TOG release: Excess hair growth in women may indicate medical problem

Excess hair growth in women is usually associated with an underlying endocrine disorder. A new paper to be published in The Obstetrician & Gynaecologist (TOG) examines causes of this condition, known as hirsutism, and explores a range of possible treatments.

Hirsutism involves the growth of coarse hair in females in a male-like pattern. It is a distressing condition that affects 5-15% of women. It can be particularly upsetting for young women undergoing the emotional and psychosocial upheaval of adulthood.

The authors explain that Polycystic Ovary Syndrome (PCOS) is the most common cause, and 70-80% of women with hirsutism suffer from PCOS. Other possible causes include androgen-secreting tumours, adrenal hyperplasia, and thyroid dysfunction. In some cases, the use of certain drugs can lead to excess hair growth.

Depending on the cause, there are a number of ways to manage this condition. The authors recommend lifestyle changes, as well as cosmetic, physical and medical treatments. Weight loss and hormonal therapy, such as the oral contraceptive pill, have both been shown to reduce excess hair growth.

The authors stress that women should use effective contraception while using certain drug treatments. Some anti-androgen drugs, such as finasteride, have been linked to serious birth defects.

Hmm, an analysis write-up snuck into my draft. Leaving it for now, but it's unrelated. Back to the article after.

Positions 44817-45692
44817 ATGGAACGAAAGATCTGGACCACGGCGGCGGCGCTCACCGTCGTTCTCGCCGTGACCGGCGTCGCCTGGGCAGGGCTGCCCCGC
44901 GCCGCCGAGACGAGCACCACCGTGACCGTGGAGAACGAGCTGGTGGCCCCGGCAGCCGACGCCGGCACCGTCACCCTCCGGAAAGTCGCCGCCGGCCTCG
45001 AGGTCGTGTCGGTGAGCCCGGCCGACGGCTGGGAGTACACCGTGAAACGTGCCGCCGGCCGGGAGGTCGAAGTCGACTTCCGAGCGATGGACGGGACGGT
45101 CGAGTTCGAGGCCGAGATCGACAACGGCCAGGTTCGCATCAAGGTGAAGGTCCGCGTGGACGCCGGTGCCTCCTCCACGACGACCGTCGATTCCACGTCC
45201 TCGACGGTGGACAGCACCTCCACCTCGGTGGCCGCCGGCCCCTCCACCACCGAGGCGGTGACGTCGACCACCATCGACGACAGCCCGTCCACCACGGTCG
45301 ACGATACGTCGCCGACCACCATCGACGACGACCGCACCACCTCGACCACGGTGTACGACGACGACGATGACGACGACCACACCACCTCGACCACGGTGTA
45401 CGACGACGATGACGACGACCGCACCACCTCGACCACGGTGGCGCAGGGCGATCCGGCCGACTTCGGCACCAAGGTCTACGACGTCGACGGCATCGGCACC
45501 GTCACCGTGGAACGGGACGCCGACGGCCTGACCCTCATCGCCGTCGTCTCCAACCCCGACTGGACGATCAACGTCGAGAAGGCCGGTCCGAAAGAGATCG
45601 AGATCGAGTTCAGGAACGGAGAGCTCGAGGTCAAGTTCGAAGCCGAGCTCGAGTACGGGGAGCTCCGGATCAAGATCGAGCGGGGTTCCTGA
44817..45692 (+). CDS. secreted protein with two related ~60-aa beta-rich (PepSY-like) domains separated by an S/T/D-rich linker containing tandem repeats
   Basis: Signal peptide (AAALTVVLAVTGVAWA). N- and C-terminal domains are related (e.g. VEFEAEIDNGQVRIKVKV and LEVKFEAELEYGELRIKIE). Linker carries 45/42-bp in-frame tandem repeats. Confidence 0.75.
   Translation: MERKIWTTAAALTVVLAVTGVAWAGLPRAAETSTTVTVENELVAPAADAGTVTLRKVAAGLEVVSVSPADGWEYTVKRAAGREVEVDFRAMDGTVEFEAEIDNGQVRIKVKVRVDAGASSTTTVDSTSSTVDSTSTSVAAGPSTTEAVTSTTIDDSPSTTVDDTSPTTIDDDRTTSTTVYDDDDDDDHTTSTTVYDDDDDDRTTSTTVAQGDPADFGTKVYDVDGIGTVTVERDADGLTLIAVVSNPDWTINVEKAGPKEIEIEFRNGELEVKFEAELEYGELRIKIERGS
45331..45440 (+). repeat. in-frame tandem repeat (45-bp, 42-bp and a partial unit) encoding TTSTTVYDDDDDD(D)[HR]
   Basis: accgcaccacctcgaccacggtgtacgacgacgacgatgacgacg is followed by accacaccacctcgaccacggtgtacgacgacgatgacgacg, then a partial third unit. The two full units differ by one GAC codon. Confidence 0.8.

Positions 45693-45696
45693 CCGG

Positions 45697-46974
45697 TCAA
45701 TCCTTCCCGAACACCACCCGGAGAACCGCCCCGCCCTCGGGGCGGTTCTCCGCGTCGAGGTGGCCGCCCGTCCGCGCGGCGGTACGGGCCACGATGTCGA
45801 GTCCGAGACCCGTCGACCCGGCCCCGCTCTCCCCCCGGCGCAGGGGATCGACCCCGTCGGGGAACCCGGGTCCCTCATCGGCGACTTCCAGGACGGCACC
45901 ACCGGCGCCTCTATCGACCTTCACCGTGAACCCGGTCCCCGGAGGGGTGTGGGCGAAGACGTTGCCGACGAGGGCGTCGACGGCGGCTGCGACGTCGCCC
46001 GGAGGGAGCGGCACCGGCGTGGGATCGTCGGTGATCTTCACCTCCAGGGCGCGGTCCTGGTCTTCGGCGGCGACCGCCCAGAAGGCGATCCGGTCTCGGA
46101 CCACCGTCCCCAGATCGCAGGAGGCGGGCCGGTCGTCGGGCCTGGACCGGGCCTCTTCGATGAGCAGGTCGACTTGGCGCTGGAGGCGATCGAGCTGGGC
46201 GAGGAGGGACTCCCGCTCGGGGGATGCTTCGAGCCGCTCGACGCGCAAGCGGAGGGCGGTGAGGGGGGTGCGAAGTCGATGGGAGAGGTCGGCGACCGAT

Co-author, Dr. Rebecca Swingler, from the Department of Obstetrics and Gynaecology at St-Michael’s Hospital in Bristol, said “Hirsutism is a common and often distressing condition.

“Treatment depends upon the cause but combines lifestyle changes and cosmetic, physical and medical treatment. Hormone treatments can be successful but take 9–12 months to have their maximum effect.”

Jason Waugh, acting editor-in-chief of TOG, said “Hirsutism can be particularly difficult for young women. Women with concerns about excess hair growth should speak to their doctor in order to screen for any medical problems and to learn about management strategies.

“Health providers also have a role to play in providing information and in ensuring that women on anti-androgen drugs are using contraception.”

Ends

Notes

The Obstetrician & Gynaecologist (TOG) is published quarterly and is the Royal College of Obstetricians and Gynaecologists’ (RCOG) medical journal for continuing professional development. TOG is an editorially independent, peer reviewed journal aimed at providing health professions with updated information about scientific, medical and clinical developments in the specialty of obstetrics and gynaecology.

To speak to Dr. Rebecca Swingler, please call +44 (0)11 7342 5813 or email rebeccaswingler@hotmail.com. To speak to Jason Waugh, please call +44 (0)20 7772 6357 or email jason.waugh@nuth.nhs.uk

 Reference

Swingler, R, Awala A, Gordon U. Hirsutism in young women. The Obstetrician & Gynaecologist 2009; 11:101-7.

 

Date published: 17/04/2009
Published by: Anonymous
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